Greater confidence in data. The trustworthiness of ESG data has been one main concern; even company leaders apparently doubt the reliability of their own organization’s data. A total of 58% of global executives admitted in a Google Cloud survey that their companies had overstated their sustainability efforts, a practice known as greenwashing. And while 86% believe their companies are making a difference regarding sustainability, only 36% had measurement tools to gauge the exact impact.

Enhanced risk management. Organizations face ESG risks whether or not they identify and report them. While new requirements or guidance can add a layer of complexity and effort, they can also drive companies to gather data that reveals threats that otherwise might have been overlooked or omitted from strategic planning. ESG encompasses a wide range of considerations, such as climate concerns; diversity, equity, and inclusion; human rights issues; and supply chain concerns. In seeking to report on these numerous ESG factors, organizations may get a more profound and more comprehensive sense of their overall risk environment.

Cost savings and economies. The requirements could result in cost savings if the information gathered reveals new ways to make the best use of resources or to cut costs in energy or water consumption, for example. A review of supply chain agreements and procedures could also identify opportunities to minimize expenses and redundancies. Ratings agencies may also take ESG credit factors into account in their decisions on creditworthiness, which can affect the cost of borrowing.

Entry into new markets; stronger customer and employee connections. A robust and transparent climate effort can attract new customers who have more confidence in the organization’s ESG financial data or that seek to work with companies that can quantify their commitment to ESG concerns. It can also enhance customer and employee loyalty.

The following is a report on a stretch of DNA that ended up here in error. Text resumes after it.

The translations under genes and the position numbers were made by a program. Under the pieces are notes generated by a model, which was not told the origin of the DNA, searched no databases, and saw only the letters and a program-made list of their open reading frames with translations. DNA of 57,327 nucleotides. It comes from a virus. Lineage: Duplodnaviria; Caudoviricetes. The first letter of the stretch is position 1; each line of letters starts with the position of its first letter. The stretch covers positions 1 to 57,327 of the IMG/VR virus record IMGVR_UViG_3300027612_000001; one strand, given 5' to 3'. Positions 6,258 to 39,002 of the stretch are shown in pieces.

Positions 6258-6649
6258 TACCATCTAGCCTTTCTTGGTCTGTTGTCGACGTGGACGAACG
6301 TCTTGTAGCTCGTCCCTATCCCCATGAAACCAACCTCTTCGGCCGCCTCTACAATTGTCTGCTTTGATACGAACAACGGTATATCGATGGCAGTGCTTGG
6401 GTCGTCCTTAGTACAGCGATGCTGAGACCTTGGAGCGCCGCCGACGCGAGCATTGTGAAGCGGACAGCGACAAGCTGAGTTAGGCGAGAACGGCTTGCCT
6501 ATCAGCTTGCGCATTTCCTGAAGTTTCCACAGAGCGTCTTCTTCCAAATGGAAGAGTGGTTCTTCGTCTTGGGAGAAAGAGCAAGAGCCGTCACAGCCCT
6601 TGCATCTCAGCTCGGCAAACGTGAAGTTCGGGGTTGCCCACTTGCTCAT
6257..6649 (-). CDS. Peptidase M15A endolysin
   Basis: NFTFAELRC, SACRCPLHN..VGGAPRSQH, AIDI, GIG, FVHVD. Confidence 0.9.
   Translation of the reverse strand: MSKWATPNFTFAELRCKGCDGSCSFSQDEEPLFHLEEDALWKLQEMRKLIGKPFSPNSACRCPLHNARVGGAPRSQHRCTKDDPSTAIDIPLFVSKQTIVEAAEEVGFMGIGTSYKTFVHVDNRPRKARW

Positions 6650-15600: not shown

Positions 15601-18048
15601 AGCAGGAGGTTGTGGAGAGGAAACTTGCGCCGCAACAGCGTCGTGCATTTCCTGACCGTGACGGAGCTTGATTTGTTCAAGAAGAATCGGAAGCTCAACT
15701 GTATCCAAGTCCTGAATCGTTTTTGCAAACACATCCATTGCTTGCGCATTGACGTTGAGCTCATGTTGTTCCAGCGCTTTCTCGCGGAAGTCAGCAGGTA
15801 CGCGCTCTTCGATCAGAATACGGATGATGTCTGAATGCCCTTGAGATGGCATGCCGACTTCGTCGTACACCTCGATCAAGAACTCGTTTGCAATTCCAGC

What are some ESG reporting challenges?

Getting up to speed. Companies will have to spend time and money gearing up to gather, assess, and accurately report ESG data; instill the proper internal controls and processes; and focus on audit preparedness. That will include investments in staff training and new technologies to properly report nonfinancial data. It may also be necessary to expand the staff to take on new reporting demands, including bringing in new employees with expertise in ESG issues to complement existing financial competencies. And despite consolidation efforts, companies may still face divergence in rules from different countries or jurisdictions that apply in different ways to the global parent and its subsidiaries.

Determining who’s in charge. There is not necessarily uniformity today in who oversees ESG within an organization, but the new financial reporting guidelines put finance in the spotlight. In driving the organization’s ESG efforts, finance can use its existing skills and processes in internal and external reporting, cross-functional integration, financial management, governance and risk management, process efficiency and investor relationships, according to a KPMG report.

Getting beyond compliance. For many organizations, ESG issues may have always been a compliance sideline that had little impact on overall strategic concerns. That should change because of the developing reporting requirement landscape of the important and continuing impact that environmental, social, and governance issues can be expected to have.

Amid the changes in the ESG reporting environment, this is a good time for finance leaders to consider the answers to these and other strategic questions.

This article does not necessarily reflect the opinion of The Bureau of National Affairs, Inc., the publisher of Bloomberg Law and Bloomberg Tax, or its owners.

Author Information

James Paterson is vice president and general manager, CCH Tagetik at Wolters Kluwer. He leads the corporate performance management software solutions business unit in North America and consults with clients in the office of finance.

We’d love to hear your smart, original take: Write for Us